Fastening two things together is a common task that both the professional and the householder need to do often. Stapler and nailers both are made to do the fastening job. Stapler and nailers are pretty much similar tools with a little difference.
Among the different varieties of staplers and nailers the crown stapler and the brad nailer are very popular and today we have picked these two as today’s topic of discussion. Because of their huge similarity, people often get confused about which one to choose or which one is more suitable for their work. This confusion goes away if you have deep and clear knowledge about these two tools.
Based on crown type, crown staplers have 3 variations. Those are – narrow crown, medium crown, and wide crown.
Narrow Crown Stapler
Narrow crown staplers are not so wide rather narrow. Since the crown is narrower they are not very noticeable when penetrated through the surface of the object. If you need to join two items together and at the same time you do not want to do any compromise with the aesthetic of the object narrow crown stapler is the best choice for you.
They are widely used for finish and trim applications like molding, trim, cabinets, drawers, fascias, and many more.
Medium Crown Stapler
The width of the crown of the medium crown stapler is between the narrow and wide crown stapler. If you are looking for fasteners that provide a wider range of clinch you can choose the medium crown stapler.
subflooring, pallet building, vinyl siding, furniture assembly, sheathing, and applications like these are the common application of medium crown stapler.
Wide Crown Stapler
The width of the wide crown stapler is larger than the previous two and so it is named a wide crown stapler. It is stronger than the narrow and medium crown stapler and so suitable for heavy-duty applications.
For example. truss building, house wrap, roofing, lathing are the common projects where the wide crown staplers used.
To use crown staplers one should have good knowledge about the staple type too. The staples are categorized into 3 types based on gauge. Those are fine wire, medium wire, and heavy wire crown staples. Here gauge means the thickness of the staples.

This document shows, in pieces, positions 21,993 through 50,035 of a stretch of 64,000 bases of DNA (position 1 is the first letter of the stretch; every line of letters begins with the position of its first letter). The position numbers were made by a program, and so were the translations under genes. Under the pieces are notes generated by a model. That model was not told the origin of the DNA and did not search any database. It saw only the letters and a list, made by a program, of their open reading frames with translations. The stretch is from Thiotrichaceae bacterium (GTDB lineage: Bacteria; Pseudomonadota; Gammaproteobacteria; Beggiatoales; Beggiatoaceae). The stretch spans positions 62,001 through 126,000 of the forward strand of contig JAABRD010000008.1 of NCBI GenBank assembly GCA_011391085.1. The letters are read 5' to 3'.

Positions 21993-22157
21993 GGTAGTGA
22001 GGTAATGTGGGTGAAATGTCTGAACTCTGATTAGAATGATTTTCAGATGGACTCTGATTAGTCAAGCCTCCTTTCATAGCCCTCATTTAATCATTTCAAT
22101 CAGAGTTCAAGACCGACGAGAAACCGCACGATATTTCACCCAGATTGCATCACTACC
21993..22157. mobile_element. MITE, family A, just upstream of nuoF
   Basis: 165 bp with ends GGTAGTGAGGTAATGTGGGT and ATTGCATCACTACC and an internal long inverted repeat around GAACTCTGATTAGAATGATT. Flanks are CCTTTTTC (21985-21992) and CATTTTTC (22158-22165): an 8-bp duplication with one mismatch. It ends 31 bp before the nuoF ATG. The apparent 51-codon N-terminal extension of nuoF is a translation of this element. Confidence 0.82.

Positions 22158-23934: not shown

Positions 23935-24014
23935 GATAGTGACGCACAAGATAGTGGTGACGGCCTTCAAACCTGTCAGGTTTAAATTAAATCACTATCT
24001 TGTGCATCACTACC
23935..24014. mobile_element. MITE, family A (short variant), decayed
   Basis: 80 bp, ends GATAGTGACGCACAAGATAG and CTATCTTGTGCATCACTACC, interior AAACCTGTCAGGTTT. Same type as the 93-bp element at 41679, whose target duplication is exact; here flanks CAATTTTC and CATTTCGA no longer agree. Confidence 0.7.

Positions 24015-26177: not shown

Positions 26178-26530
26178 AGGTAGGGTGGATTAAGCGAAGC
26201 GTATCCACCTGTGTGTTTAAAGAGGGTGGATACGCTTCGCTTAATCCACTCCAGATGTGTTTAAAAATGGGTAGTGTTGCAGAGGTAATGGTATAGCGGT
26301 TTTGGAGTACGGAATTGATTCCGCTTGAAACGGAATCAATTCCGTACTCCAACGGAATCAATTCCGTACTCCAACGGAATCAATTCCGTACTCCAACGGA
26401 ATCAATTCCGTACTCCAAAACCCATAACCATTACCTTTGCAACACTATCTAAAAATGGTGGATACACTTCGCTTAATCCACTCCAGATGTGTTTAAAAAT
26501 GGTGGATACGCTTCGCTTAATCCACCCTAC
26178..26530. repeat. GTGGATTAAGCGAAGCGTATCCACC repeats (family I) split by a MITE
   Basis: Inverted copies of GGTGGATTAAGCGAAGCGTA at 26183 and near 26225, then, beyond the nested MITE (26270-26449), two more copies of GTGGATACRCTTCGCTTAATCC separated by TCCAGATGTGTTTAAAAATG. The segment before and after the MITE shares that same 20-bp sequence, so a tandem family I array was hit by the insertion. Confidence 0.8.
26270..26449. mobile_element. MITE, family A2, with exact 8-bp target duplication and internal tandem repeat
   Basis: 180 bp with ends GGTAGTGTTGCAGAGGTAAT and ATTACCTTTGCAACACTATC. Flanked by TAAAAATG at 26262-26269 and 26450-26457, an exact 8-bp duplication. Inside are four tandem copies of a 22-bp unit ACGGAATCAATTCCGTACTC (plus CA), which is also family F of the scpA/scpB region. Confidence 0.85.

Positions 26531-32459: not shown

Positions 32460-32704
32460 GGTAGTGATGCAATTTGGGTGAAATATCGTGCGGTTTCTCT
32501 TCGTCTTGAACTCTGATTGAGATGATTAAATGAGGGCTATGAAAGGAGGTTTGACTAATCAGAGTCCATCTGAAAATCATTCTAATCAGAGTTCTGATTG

Fine Wire Staples
Fine wire crown staplers generally range from 20-22 gauge in thickness. They are suitable for light-duty applications.
Medium Wire Staples
Medium wire staples generally range from 18-19 gauge and provide more supporting power than the fine wire staples.
Heavy Wire Staples
Heavy wire staples range from 15-16 gauge. These staples are stronger than the previous two. Since the heavy wire staples provide more supporting power they are suitable for heavy-duty applications.
Brad nailers use brad nails to fasten objects together. The nails are 18 gauge in size with a small pinhead. Increased gauge size means thinner nails. So, you can understand that brad nailers use thin nails that are suitable for delicate works, not for heavy-duty works. You should not also try to use these in hardwood since the nails are thinner.
Once you penetrate the brad nailers through the surface of the object you cannot remove it unless you separate the fastened pieces. So, it is a permanent fastener. If you are looking for a temporary fastener I will recommend you not to use the brad nailer.
The common usage of brad nailers includes attaching baseboard to drywall or finishing wood strips to furniture.
The holes left by crown staplers are bigger than the brad nailers. But the crown staplers offer more supporting power than the brad nailers. Between the crown staplers and the brad nailers which one you will choose largely depends on your project.
If you are working with hardwood then crown staplers are a good choice for you. You should also be careful about the type of fastening you are intended to do. If it is temporary fastening then you should not use the brad nailers as brad nailers offer permanent fastening.